Part 8: The Charter of Rights
The Constitutional supremacy means that the Constitution is supreme over the
parliament and that the parliament can exercise its function being only within the bounds
of the Constitution. Constitutional supremacy is possible only when the constitution is
written and rigid.
The constitutional supremacy is also called judiciary supremacy in the sense that the
judiciary the highest court of the land is supreme over the legislature.
In 1982, with the adoption of the Charter of Rights and Freedoms, part of the
Constitution Act, 1982, the Charter essentially replaced the Bill of Rights, using much of
its language in the sections on fundamental freedoms and legal rights, but going beyond it
to include democratic, linguistic, mobility, egalitarian, and limitedAboriginal rights.
Trudeau wanted to remedy the deficiencies in the Bill of Rights.
But he was also determined to entrench official bilingualism, as well as official minority-
language education rights across the country, in an effort to undercut Quebecs claim that
it represented French Canada.
Moreover, Trudeau hoped to counter centrifugal forces throughout the land and pressures
for general decentralization to the provinces by creating an instrument that the courts
could use to cut down self-serving provincial laws.
As a national symbol, the Charter would also serve to increase the allegiance of all
citizens to the national government.
The Charter is generally a much stronger document than its predecessor.
Besides being broader in scope, the Charter applies equally to both federal and provincial
governments, and being entrenched into the Constitution, it is difficult to amend.
It sates very clearly that the courts are to invalidate any government actions or legislation
that they feel are in conflict with the provisions of the Charter.
Bill of Rights (Canada): an act of Canadian Parliament passed in 1960 that outlined
the basic civil liberties of Canadians but whose defects caused judicial confusion and
limited the bills effectiveness.
Violations of civil liberties that did not also offend the division of powers or rule of law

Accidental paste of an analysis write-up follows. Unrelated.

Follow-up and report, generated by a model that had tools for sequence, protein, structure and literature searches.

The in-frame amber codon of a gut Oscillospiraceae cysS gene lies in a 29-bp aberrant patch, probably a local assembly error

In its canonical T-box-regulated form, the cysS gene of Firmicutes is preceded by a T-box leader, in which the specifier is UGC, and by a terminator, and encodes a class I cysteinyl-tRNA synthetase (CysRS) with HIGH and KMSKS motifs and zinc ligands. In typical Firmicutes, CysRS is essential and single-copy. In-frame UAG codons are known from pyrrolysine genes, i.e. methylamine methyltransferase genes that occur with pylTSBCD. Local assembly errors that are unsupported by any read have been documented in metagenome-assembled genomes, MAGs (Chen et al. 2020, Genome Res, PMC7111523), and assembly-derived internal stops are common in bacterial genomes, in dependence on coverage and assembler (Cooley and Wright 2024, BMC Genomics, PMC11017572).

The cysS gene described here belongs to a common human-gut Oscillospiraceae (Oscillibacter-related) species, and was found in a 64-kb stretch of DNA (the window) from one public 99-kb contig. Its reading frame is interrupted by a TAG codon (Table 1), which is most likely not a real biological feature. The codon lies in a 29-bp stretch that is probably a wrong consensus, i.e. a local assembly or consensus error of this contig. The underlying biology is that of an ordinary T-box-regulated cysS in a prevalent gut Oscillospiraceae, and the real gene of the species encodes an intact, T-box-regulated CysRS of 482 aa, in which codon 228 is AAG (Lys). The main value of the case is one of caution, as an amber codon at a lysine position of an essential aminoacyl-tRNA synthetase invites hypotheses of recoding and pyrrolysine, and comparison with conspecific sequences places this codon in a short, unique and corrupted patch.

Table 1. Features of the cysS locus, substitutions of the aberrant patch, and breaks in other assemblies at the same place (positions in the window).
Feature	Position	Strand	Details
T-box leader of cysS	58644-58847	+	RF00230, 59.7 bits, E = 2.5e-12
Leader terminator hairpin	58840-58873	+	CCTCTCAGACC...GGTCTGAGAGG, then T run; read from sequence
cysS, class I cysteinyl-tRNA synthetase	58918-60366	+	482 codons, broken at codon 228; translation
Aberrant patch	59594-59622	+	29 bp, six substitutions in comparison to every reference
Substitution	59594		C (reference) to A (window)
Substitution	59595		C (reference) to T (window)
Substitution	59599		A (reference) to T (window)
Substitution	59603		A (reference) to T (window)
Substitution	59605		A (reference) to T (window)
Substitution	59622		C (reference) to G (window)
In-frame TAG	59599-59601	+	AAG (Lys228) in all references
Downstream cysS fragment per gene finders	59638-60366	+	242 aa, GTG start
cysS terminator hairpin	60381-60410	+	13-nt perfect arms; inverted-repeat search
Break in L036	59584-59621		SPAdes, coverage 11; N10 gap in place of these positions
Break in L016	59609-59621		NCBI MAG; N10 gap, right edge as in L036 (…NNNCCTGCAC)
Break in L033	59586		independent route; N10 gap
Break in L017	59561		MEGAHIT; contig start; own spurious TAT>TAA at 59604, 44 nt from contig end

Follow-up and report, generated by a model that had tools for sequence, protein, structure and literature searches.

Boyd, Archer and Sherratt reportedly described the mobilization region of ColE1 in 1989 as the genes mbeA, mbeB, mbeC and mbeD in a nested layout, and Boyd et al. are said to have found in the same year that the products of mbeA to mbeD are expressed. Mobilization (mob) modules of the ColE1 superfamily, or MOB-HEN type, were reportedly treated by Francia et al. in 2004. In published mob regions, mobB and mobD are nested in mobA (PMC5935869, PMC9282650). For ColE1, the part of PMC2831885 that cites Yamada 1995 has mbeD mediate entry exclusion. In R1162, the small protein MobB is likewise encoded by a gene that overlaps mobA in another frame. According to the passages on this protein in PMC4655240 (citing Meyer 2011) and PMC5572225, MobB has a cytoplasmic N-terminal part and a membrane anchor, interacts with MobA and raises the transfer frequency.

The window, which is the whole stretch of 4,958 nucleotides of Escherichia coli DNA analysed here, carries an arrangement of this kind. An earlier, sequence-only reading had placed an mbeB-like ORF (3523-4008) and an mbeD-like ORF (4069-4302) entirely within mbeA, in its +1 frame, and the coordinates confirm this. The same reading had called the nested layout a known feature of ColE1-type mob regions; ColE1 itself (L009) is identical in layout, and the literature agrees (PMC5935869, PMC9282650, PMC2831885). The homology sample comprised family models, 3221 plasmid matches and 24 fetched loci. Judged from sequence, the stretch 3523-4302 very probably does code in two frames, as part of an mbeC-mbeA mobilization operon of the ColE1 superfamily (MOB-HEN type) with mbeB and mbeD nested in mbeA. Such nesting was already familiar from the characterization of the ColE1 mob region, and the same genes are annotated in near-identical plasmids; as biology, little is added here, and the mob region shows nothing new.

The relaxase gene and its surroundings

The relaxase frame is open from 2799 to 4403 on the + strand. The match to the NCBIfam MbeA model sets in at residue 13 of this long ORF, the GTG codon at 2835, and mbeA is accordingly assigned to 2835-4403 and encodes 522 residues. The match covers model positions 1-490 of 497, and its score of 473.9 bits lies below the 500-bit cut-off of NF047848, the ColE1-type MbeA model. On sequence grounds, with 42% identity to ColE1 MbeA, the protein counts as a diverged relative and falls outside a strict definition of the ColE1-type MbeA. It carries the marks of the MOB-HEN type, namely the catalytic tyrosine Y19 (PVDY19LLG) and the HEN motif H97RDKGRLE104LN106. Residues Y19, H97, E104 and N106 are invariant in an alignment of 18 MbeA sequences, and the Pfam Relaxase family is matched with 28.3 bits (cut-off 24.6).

gave the courts little discretion.
For example, in 1903 case that concerned denial of the vote toAsian in British Columbia
provincial elections, the courts ruled that such electoral matters were entirely within the
jurisdiction of provincial politicians.
Neither did Canadian Blacks find any satisfaction in the courts when they challenged
Although the federal government was generally more sensitive to rights and freedoms
than the provinces were, its record left much to be desired, especially in the case of Aboriginals, women, radical speech, and minorities of various kinds, including its
treatment of citizens of certain ethnocultural origins during the two world wars.
Ottawas internment of Canadian citizens of Japanese extraction during the Second World
War proved both that the federal government was not above reproach and that the courts
could do nothing about it.
Thus, before 1960, both federal and provincial politicians were guilty of violating civil
This fact and the realization that the courts could rarely be counted on to invalidate such
actions persuaded John Diefenbaker to enact the Canadian Bill of Rights in 1960.
He was also influenced, as wee many other states about the same time, by the United
Nationsadoption of Universal Declaration on Human Rights.
The Bill of Rights therefore inaugurated the second era in the protection of rights and
freedoms in Canada.
The documents apparent aim was to allow the courts to invalidate legislation that they
found to conflict with the Bill of Rights, but if so, this aim was not clearly articulated.
The courts were never completely certain if they had been given this power or not.
Other serious gaps in the bill were that is applied only the federal government, not to
provinces; that it allowed legislation to be passed that overrode the bill, as long as this
was acknowledged (not withstanding clause); that as an ordinary piece of legislation, the
bill could be amended when it might be needed most.
Not surprisingly, the courts made limited use of the Bill of Rights.
Only once, the Drybones case of 1970, did they decide that a clause of an act violated the